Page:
And to explain more clearly what is meant by the term gentlemen, I say that those are called gentlemen who live idly upon the proceeds of their extensive possessions, without devoting themselves to agriculture or any other useful pursuit to gain a living. Such men are pernicious to any country or republic; but more pernicious even than these are such as have, besides their other possessions, castles which they command, and subjects who obey them. This class of men abound in the kingdom of Naples, in the Roman territory, in the Romagna, and in Lombardy; whence it is that no republic has ever been able to exist in those countries, nor have they been able to preserve any regular political existence, for that class of men are everywhere enemies of all civil government. And to attempt the establishment of a republic in a country so constituted would be impossible. The only way to establish any kind of order there is to found a monarchical government; for where the body of the people is so thoroughly corrupt that the laws are powerless for restraint, it becomes necessary to establish some superior power which, with a royal hand, and with full and absolute powers, may put a curb upon the excessive ambition and corruption of the powerful. This is verified by the example of Tuscany, where in a comparatively small extent of territory there have for a long time existed three republics, Florence, Sienna, and Lucca; and although the other cities of this territory are in a measure subject to these, yet we see that in spirit and by their institutions they maintain, or attempt to maintain their liberty; all of which is due to the fact that there are in that country no lords possessing castles, and exceedingly few or no gentlemen. On the contrary, there is such a general equality that it would be easy for any man of sagacity, well versed in the ancient forms of civil government, to introduce a republic there; but the misfortunes of that country have been so great that up to the present time no man has arisen who has had the power and ability to do so.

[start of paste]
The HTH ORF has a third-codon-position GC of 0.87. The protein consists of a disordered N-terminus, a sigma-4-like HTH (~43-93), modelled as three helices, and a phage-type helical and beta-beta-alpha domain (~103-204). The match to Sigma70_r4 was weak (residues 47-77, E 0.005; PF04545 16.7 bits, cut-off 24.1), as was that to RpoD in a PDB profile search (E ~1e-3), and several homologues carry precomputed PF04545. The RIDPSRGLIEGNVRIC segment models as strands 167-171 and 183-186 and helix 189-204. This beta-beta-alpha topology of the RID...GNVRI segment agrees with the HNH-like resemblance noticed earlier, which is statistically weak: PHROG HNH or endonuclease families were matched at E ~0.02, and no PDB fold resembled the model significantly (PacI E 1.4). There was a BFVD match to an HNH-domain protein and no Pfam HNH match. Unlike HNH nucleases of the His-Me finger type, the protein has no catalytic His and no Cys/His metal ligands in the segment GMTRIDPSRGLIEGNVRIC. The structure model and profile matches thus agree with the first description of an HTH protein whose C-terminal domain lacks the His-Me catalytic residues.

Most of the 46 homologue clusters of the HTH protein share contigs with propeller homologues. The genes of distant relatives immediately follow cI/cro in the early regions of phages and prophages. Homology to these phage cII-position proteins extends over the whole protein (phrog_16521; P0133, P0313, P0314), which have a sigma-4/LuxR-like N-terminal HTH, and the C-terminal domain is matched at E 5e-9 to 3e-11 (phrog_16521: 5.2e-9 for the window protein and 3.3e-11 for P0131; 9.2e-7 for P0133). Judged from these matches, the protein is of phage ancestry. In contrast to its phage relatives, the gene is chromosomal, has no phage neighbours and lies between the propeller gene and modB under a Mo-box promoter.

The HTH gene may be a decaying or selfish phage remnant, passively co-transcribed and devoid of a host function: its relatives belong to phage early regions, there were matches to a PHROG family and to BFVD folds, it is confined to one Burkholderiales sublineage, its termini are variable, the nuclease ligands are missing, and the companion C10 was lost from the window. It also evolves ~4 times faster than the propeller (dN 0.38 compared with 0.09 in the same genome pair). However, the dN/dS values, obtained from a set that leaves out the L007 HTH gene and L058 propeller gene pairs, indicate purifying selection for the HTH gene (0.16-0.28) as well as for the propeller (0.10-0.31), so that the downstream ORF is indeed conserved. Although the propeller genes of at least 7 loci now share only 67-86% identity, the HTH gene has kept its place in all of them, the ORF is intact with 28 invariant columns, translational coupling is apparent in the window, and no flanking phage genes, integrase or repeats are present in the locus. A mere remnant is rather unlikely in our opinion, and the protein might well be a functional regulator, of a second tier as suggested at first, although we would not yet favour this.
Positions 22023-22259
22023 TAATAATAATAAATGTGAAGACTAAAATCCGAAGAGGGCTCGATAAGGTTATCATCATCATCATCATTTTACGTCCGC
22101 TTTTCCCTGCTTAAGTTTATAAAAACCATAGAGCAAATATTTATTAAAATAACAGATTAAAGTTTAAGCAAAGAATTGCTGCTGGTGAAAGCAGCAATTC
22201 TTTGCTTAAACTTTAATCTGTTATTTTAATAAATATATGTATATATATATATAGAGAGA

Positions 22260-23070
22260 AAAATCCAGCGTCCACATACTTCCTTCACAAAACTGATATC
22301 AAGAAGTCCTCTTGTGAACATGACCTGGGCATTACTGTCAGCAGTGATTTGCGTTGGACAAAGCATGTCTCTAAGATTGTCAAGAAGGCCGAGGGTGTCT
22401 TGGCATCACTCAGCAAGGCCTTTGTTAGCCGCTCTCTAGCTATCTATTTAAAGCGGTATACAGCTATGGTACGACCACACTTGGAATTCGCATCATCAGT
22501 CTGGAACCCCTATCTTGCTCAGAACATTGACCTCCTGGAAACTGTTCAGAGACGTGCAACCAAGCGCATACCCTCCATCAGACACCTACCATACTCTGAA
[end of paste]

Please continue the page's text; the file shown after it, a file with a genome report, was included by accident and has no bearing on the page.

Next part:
We may then draw the following conclusion from what has been said: that if any one should wish to establish a republic in a country where there are many gentlemen, he will not succeed until he has destroyed them all; and whoever desires to establish a kingdom or principality where liberty and equality prevail, will equally fail, unless he withdraws from that general equality a number of the boldest and most ambitious spirits, and makes gentlemen of them, not merely in name but in fact, by giving to them castles and possessions, as well as money and subjects; so that surrounded by these he may be able to maintain his power, and that by his support they may satisfy their ambition, and the others may be constrained to submit to that yoke to which force alone has been able to subject them. And as in this way definite relations will be established between the ruler and his subjects, each will be maintained in their respective ranks. But to establish a republic in a country better adapted to a monarchy, or a monarchy where a republic would be more suitable, requires a man of rare genius and power, and therefore out of the many that have attempted it but few have succeeded; for the greatness of the enterprise frightens men so that they fail even in the very beginning. Perhaps the opinion which I have expressed, that a republic cannot be established where there are gentlemen may seem to be contradicted by the experience of the Venetian republic, in which none but gentlemen could attain to any rank or public employment. And yet this example is in no way opposed to my theory, for the gentlemen of Venice are so more in name than in fact; for they have no great revenues from estates, their riches being founded upon commerce and movable property, and moreover none of them have castles or jurisdiction over subjects, but the name of gentleman is only a title of dignity and respect, and is in no way based upon the things that gentlemen enjoy in other countries. And as all other republics have different classes under different names, so Venice is divided into gentlemen and commonalty, and the former have all the offices and honors, from which the latter are entirely excluded; and this distribution causes no disorders in that republic, for the reasons elsewhere given. Let republics, then, be established where equality exists, and, on the contrary, principalities where great inequality prevails; otherwise the governments will lack proper proportions and have but little durability.